This casino is aboard a Norwegian Cruise Line ship. (Photo from Flickr user Kevin Harber.)

New Jersey Governor Chris Christie announced last week that he intends to defy a federal ban on sports gambling.

The Professional and Amateur Sports Protection Act of 1992, or "The Bradley Act," outlaws gambling on sporting events in the United States, with a few exceptions granted for certain states. Christie already signed legislation allowing bets to be taken at casinos and horse tracks earlier this year. But technically it's still prohibited by federal law.

Joe Nocera, an op-ed columnist with the New York Times, believes that legalizing sports gambling would be financially beneficial for states.

"It certainly would be if it does go through. Nevada already does have sports betting and taxes sports betting quite successfully, and as Dan (Wetzel) points out in one of his columns about this, this is a $350 billion industry that is almost all cash. That is done under the table and the government gets nothing. It's a little like prohibition. It's not like you're going to stop it. All you would wind up doing was move it above board," Nocera said.

Dan Wetzel, a columnist for Yahoo! Sports, said that while the IRS would not be taxing office pools or Final Four tournament brackets, it would not be difficult for the government to generate revenue from sports gambling.

"The ability to set up sports books in just existing casinos, race tracks, things like that, would tap into this huge (underground economy.) The big money is in the NFL each week, and I think by legalizing it, you're going to get a piece of that action," Wetzel said. "They've been gambling on sports since they started doing sports in this country. It's already out there, so to be able to setup and take a piece of that would be pretty easy."

Wetzel suggested using online gambling and using smartphones to place bets in addition to using on-site locations if sports gambling was legalized.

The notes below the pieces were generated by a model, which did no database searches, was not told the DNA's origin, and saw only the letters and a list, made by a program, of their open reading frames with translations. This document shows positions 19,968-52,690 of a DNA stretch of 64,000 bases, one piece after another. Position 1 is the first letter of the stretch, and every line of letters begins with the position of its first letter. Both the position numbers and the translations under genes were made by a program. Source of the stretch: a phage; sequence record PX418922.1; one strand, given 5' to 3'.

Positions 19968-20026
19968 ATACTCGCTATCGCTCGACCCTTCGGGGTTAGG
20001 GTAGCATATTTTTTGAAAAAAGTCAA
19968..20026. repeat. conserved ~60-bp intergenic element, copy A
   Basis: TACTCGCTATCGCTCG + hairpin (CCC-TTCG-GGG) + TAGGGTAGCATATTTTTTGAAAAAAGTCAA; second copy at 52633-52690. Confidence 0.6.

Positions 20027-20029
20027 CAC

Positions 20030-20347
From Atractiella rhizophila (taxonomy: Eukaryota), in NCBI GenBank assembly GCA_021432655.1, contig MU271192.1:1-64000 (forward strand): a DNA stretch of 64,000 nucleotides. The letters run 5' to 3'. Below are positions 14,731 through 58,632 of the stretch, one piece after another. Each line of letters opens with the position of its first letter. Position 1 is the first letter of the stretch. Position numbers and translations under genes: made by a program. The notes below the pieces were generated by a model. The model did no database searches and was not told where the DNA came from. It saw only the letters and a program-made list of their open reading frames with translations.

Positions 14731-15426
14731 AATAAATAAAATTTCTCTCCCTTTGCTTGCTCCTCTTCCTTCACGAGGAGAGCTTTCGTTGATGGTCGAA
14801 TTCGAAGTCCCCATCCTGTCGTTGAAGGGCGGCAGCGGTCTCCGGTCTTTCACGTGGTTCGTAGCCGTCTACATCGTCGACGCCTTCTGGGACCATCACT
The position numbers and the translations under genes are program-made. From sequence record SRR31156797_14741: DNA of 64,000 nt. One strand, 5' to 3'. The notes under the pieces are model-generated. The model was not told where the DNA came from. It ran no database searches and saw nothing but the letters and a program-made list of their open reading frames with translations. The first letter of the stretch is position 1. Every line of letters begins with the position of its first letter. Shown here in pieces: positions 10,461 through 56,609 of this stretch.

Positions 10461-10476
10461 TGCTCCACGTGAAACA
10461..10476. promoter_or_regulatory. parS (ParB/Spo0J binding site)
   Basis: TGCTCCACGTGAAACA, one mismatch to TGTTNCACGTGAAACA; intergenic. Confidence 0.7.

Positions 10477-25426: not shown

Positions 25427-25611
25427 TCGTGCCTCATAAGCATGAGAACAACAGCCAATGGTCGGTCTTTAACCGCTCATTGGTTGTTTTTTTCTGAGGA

While leagues may worry about the effect gambling would have on the intergrity of their games, Nocera suggested that legalizing sports gambling would actually reduce outside influences on the outcome of sporting events.

"Whatever pressure there is to fix a game, t exists already, and it exists, probably, even in a larger extent because it's illegal. It's criminal, so you have these criminals lurking around, sometimes trying to fix games. It does happen. It doesn't happen very often. But basically, the main promoters of this idea is the NFL and the NCAA and all the other sports organizations. The evidence strongly suggests that you would probably reduce that pressure if you turned this into a legal activity as opposed to an illegal activity," Nocera said.

Despite allowing teams to accept advertisements from casinos and other gambling agencies, the NFL has remained steadfast in its stance against sports gambling. Mike Florio, Editor of ProFootballTalk.com, wrote that he doubts New Jersey's effort to get the federal law invalidated will succeed. In 2009, Delaware, which is in the same federal judicial district as New Jersey, tried to legalize single-game betting in its state.

The sports leagues, led by the NFL, sued Delaware in federal court and won in a verdict that ultimately upheld by the same court that would be asked to pass judgment on New Jersey's efforts to get the federal law overturned.

But all signs are that Christie is going to go ahead with legalized gambling in his state and see how the federal government reacts.

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